many implications of these constructions, especially of the appearance of
constant functions. This material may not be new to the literature. We
present it in a unified way based on function theoretic foundations that
most of the time remove and in general isolate the mysteries in many of the
research monographs on the subject. This chapter is based almost entirely
on the properties of the classical 77-function, a very special case of the theory
described in the previous chapters. We need to know rather detailed infor-
mation on its multiplier system. The needed number theoretic arguments
are found in , for example. We would like to avoid dependence on these.
We have only partially succeeded in doing so and have hence not included
in this volume most of the results of this effort.
In Chapter 6 we begin by reviewing some concepts from covering space
theory and show how these ideas lead to beautiful identities among theta
constants and their interpretation as identities among infinite products.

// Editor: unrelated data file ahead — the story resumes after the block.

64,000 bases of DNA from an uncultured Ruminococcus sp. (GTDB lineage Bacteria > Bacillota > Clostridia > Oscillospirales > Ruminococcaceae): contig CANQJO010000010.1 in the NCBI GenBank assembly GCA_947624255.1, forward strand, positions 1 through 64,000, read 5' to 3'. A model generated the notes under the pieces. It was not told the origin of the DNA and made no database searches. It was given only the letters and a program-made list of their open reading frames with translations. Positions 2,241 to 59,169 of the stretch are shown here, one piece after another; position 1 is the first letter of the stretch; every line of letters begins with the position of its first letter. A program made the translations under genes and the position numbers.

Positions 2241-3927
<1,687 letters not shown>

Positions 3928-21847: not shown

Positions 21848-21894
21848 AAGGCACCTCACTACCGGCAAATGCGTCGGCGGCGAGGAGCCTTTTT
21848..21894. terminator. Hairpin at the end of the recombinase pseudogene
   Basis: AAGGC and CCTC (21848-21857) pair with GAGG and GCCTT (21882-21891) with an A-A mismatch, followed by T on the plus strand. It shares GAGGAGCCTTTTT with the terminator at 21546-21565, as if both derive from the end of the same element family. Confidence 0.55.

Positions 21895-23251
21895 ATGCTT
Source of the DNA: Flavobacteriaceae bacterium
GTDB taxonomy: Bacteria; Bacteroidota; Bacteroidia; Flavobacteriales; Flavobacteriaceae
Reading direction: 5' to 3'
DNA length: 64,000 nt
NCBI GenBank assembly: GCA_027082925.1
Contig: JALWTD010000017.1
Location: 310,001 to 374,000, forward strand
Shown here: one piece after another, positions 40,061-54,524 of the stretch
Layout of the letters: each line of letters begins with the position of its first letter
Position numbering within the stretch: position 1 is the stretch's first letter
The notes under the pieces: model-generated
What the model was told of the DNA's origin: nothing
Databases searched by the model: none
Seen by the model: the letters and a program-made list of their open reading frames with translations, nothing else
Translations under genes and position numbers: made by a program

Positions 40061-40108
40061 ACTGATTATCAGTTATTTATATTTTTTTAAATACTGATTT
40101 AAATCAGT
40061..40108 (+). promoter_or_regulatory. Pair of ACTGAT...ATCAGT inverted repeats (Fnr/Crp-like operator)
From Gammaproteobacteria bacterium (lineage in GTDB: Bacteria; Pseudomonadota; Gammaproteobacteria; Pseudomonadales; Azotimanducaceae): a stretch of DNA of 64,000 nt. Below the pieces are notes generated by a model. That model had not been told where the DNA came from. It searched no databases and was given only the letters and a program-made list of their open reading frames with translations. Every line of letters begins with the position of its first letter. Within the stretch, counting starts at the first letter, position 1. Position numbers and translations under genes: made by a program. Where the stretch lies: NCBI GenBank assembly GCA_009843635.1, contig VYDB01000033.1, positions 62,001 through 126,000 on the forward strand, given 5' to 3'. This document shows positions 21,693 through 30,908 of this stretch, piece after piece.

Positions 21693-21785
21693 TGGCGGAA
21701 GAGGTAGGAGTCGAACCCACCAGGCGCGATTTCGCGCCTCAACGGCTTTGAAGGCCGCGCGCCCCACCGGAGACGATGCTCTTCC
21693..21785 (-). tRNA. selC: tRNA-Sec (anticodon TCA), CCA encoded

Here the main tools are the uniformizations of the Riemann surfaces in
question. We then continue by showing how many of the ideas used in the
congruences related with the partition function and its generalizations carry
over to other modular forms. We treat in particular the j-function and the
congruences satisfied by the coefficients of its Laurent series expansion.
In Chapter 7 we show how statements about partitions are related to
other combinatorial quantities such as representations of positive integers
as sums of squares or of triangular numbers, and most importantly to the
divisors of an integer. In particular, we describe relations to the question of
primality of integers depending on statements about partitions. This sug-
gests that while primality is usually thought of as a subject in multiplicative
number theory, it can also be viewed as a part of additive number theory.
We give some examples to show what type of results can be expected in
this chapter in the expectation that these applications are the main interests
of some readers of this text. We emphasize that these results were not the
reason for writing this book. The list of examples is by no means exhaustive.
Let c(n) denote the classical a-function; that is, cr(n) is the sum of the
divisors of the positive integer n. We show that
whenever n is not of the form 3 m
+ m with m G Z. A companion related
whenever n is not of the form m
hm with m G Z. We obtain a variant
of Jacobi's result on the number of ways a positive integer can be written